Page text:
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The National Marciana Library was born from the idea of Francesco Petrarca, who decided to donate his books to the city Venice in order to found a public library in 1362. The project did not actually go ahead until 1537, when its construction began in Piazzetta San Marco to the designs of Jacopo Sansovino. It also received a large collection of books donated by Cardinal Bessarion to the Serenissima in 1468.

The main section of the library is currently located in the ancient Mint, and winds up to the Palazzo of the Sansovino Library.

The library predominantly preserves works of ancient culture of literary, philosophical, historical and patristic type, as well as cartographic, graphic, musical and theatrical materials. Of course, there are also important collections of Venetian origin and a wide range of Venetian publications, considering that the Library has been regularly receiving a copy of all the editorial production of the territory. 

With this ‘right to print’ the collection has also increased in contemporary fiction. The Marciana Library holds about one million volumes, of which 17,756 are manuscripts, 2,887 incunables, 24,060 16th century works and over 4,000 periodicals.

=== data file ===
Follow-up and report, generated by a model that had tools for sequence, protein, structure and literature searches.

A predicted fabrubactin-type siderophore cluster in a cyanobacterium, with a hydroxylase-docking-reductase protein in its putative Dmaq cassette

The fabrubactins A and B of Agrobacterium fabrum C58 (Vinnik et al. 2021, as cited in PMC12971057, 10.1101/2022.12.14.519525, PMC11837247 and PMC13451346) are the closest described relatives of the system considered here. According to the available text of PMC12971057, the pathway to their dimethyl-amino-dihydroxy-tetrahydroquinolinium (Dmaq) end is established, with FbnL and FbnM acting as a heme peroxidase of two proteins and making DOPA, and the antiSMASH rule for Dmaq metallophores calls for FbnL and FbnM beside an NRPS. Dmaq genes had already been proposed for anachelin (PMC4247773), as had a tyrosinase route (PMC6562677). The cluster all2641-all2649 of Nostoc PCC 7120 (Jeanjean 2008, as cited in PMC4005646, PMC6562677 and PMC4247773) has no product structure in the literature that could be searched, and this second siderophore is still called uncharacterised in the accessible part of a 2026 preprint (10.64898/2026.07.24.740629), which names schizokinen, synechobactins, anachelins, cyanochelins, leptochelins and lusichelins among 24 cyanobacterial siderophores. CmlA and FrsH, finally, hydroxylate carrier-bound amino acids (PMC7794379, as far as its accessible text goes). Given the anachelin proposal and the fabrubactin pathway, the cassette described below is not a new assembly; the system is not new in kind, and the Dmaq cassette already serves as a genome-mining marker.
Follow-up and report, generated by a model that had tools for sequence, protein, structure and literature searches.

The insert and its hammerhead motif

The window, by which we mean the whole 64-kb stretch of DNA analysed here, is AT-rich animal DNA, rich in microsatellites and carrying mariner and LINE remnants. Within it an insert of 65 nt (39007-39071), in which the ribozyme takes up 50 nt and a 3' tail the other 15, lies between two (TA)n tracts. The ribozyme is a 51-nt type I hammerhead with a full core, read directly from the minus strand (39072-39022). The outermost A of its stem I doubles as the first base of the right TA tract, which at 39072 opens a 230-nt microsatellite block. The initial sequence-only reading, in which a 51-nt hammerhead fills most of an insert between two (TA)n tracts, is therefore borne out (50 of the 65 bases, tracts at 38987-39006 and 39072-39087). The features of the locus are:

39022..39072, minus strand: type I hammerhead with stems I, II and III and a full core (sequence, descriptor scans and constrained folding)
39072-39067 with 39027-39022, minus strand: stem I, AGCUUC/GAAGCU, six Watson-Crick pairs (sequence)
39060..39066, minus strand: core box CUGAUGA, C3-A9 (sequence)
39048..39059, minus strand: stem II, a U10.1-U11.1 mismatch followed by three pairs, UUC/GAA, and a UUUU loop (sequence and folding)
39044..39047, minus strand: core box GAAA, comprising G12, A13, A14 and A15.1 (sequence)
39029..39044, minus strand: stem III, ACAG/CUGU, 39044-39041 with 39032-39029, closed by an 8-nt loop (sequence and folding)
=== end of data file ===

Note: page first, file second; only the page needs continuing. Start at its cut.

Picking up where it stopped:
The services offered by the library are: consultation, bibliographic information, local loans, inter-library loans and the supply of documents and reproductions. The minimum age to consult the printed books is 16, while you have to be 18 to consult manuscripts or rare and precious books.

The Biblioteca Nazionale Marciana also provides a service dedicated to the blind, visually impaired and dyslexic through the Libro Parlato Lions project, which allows access to a database of works in MP3, CD or audiocassette format.

The library's catalogs allows you to find all the works kept within the library, be they printed (card and online catalogs) or handwritten (catalogs and manuscripts). The online catalog is part of the collective catalog of 23 Venetian libraries, which form the Polo di Venezia of the National Library Service (SBN). 

In addition to the bibliographic heritage, the Marciana Library also has a remarkable artistic collection, located in its monumental area, the Palace of the Sansovino Library. Here you can admire the works of the most important artists of the Venetian Renaissance, such as Tintoretto, Veronese, Titian and many others.

The Monumental Halls of the library are part of the Collective Museum Itinerary of the Museums of St Mark's Square: with a single ticket you can also visit the Doge's Palace, the Correr Museum and the Archaeological Museum. The entrance to the Sale Monumentali is the same as the Correr Museum.  

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